BMW Group wants to decrease its reliance on Germany as a car-making base, Frank-Peter Arndt, BMW's production chief told Automotive News Europe.
In 2002, the automaker produced about 70 percent of its vehicles in Germany, where it currently has eight plants. "At the end of 2010, the figure was 62 percent. And now it has come down to 58 percent. In the medium term, it will shift further toward 50-50, just based on our plans for China and the U.S," Arndt said.
Regardless of where it decides to add production, Arndt said Germany would remain the "backbone" of BMW's manufacturing. "That's why we invest another 2 billion euros in 2011-2012 to keep improving these plants. The next [investment] package for 2013-2014 will be decided soon," Arndt said.
In Germany, BMW runs four vehicle assembly plants (Dingolfing, Leipzig, Munich, Regensburg), three factories that make components (Eisenach, Landshut, Wackersdorf) and one motorcycle assembly facility (Berlin).
By 2020, the BMW Group wants to sell 2 million cars, up from 1.46 million last year. The company says it does not need to open any complete assembly plants to reach its goal, however, it will decide this year on whether to start complete knockdown (CKD) production of vehicles at a plant in Brazil. In addition, BMW will increase capacity in its existing vehicle production plants in China, the United States, India and Russia.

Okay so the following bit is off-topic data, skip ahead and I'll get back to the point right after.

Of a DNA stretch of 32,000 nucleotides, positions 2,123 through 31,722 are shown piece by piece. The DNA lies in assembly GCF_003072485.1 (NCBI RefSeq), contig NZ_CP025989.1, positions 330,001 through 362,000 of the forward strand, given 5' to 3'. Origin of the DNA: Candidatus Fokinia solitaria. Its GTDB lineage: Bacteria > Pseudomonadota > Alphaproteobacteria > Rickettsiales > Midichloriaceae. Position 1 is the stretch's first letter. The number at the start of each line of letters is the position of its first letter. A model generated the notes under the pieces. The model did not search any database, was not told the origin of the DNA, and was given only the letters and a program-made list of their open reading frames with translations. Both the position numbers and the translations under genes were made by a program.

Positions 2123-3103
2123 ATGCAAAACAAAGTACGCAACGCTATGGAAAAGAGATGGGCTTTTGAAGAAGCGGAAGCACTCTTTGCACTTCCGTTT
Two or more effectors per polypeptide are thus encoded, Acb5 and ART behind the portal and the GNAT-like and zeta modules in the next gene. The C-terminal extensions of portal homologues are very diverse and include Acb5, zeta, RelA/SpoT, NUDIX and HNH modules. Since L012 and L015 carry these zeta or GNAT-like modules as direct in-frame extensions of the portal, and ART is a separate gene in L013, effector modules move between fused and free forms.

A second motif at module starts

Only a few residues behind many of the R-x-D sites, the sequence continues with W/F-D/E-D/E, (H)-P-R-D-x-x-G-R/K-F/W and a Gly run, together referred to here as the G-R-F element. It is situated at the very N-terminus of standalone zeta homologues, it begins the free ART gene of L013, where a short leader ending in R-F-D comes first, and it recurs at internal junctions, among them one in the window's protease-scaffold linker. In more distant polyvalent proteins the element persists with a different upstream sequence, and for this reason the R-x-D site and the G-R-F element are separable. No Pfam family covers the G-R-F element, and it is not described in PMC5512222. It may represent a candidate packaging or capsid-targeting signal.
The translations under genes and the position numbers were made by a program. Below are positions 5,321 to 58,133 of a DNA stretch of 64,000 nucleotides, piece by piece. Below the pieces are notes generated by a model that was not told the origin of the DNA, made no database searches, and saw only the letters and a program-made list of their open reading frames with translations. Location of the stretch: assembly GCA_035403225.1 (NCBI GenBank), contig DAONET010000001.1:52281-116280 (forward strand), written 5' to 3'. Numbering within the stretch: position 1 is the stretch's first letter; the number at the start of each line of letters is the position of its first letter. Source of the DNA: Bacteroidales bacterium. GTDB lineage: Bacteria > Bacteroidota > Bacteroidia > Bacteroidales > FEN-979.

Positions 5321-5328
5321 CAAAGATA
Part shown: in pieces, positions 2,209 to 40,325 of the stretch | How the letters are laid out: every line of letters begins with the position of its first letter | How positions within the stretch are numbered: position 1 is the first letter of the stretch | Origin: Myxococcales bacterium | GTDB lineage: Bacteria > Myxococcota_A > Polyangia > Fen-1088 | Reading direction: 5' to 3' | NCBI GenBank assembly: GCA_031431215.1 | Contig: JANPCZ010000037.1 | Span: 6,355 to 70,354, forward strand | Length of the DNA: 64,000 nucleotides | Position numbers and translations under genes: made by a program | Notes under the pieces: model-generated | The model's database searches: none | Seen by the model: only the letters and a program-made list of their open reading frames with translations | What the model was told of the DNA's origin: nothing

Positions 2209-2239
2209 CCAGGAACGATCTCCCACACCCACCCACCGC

BMW also aims for more gains in productivity.
Said Arndt: "Manufacturing makes its own contribution to the company's success. Our goal is to increase our productivity by 7 percent to 8 percent a year on average. We achieved more than 15 percent in 2010. In 2011, we will see a double-digit increase of more than 10 percent."
These increases come despite BMW's launch of 11 new or refreshed models this year and its plans to debut more than 10 vehicles in 2012. Key arrivals next year are the three-door 1 series to join the five-door variant, which is already on sale, and an all-new 3 series.